When students are first exposed to Chemistry at Secondary 3, be it Combined Science (Chemistry) or Pure Chemistry, they all find themselves facing a similar problem: explanation questions. They answer the questions based on their understanding of the subject and realise only afterwards that they have gotten the question wrong due to a multitude of reasons, such as inaccurate terminology, wrong sequence of points etc. This scenario will happen multiple times, and in the end, students often end up giving up using their own words and resort to blind memory of model answers.
Blindly memorising model answers may prove to be useful in the beginning, but with the increased emphasis on higher order thinking questions and application questions in the national examinations, it will become increasingly more difficult for students to memorise the model answers for all the different types of questions.
Blindly memorising model answers may prove to be useful in the beginning, but with the increased emphasis on higher order thinking questions and application questions in the national examinations, it will become increasingly more difficult for students to memorise the model answers for all the different types of questions. Students must know how to adapt and tweak their answers to the demands of the question in order to accurately score the marks. Effective answering of explanation questions requires a few skills that need to be honed and constantly practised. Mastery of these skills does not only benefit them in terms of answering explanation questions in Chemistry, but also in other subjects as well, namely humanities.
The use of accurate terminology in explanation is a major component in answering chemistry explanation questions. Often referred in schools as the use of “key words”, students often paraphrase or replace these key words with words that they are more familiar with. Even teachers themselves often do so when first teaching a chapter in order for students to better understand the concept. Nonetheless, the use of such “key words” is necessary as the use of other words may not be able to bring out the full meaning of these “key words”.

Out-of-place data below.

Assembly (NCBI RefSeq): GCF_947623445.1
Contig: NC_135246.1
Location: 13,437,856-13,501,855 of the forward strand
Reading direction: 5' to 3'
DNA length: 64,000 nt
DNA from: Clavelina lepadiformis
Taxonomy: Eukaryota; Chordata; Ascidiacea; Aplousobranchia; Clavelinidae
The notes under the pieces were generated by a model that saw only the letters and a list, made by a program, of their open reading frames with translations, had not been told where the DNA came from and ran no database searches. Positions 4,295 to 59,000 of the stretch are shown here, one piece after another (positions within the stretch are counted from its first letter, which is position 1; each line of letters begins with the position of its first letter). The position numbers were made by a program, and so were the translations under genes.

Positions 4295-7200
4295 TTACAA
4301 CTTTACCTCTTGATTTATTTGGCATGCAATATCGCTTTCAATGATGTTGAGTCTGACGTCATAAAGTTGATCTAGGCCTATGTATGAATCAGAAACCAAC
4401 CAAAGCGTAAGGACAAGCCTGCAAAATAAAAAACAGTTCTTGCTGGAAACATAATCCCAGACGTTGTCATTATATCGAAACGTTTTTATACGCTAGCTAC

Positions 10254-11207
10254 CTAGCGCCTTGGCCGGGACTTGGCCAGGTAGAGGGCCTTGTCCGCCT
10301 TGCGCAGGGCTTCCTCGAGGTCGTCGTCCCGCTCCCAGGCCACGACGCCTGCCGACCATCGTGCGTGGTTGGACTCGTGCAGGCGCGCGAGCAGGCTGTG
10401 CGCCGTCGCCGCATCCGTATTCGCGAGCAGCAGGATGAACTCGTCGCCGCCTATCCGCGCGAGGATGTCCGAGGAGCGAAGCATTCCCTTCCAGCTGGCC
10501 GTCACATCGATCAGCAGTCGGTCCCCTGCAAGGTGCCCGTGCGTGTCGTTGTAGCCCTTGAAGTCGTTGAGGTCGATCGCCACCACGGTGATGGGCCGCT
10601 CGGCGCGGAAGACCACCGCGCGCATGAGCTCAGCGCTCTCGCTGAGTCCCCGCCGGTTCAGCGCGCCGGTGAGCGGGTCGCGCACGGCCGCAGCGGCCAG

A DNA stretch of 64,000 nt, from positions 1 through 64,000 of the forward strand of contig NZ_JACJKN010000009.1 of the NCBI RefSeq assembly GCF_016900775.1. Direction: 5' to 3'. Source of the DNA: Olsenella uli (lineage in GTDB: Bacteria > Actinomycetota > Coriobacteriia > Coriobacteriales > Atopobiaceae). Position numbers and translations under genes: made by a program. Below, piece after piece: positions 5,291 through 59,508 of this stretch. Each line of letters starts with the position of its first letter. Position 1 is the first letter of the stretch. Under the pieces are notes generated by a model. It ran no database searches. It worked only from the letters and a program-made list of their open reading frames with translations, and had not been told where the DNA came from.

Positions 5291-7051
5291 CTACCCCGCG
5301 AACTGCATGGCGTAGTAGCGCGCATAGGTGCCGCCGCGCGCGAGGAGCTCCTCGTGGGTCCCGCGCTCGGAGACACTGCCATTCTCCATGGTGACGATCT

Each chapter in Chemistry has a list of “key words” that should be used whenever possible. Students who are able to consolidate a list of key words for each chapter and make a consistent effort to use them whenever possible tend to score better in these explanation questions.
Causation in Answers
Causation refers to the act or process of causing something to happen or exist. Applying causation in answering questions allows the student to state points in a particular sequence, leading from one point to the next and eventually arriving at a conclusion that directly answers the question. This technique ensures that students are able to make a coherent argument that is structured, flows well and directly answers the question. Effective practice of causation also prevents students from missing out vital intermediate points that could cause them valuable marks.
With the vast amount of conceptual knowledge in Chemistry, everything may seem vaguely relevant when answering an explanation question. How then would a student know what is truly considered relevant to the question and what is considered over-elaborating?
Knowledge on how to allocate marks to their answers can help give the students a gauge as to whether they are writing too much or too little. Effective answers to explanation questions boils down to a sequence of marking points that presents key concepts or arguments that directly answers the question, each point bearing one mark.
In the event that a student only presents three points in a five mark question, that student will likely need to further elaborate on his points in order to stand a higher chance at scoring the full marks. On the contrary, if a student has presented five key points in a three mark question, that student has likely over-elaborated and wasted precious examination time that could be better spent on other questions.
The three key points above seek to give students a better understanding of the skills required to effectively answer explanation questions in Chemistry. Students will need to be trained or guided early in order for them to be able to internalise and hone these skills. With ample practice and guidance, students will be able to demonstrate these skills subconsciously and effectively answer explanation questions in Chemistry.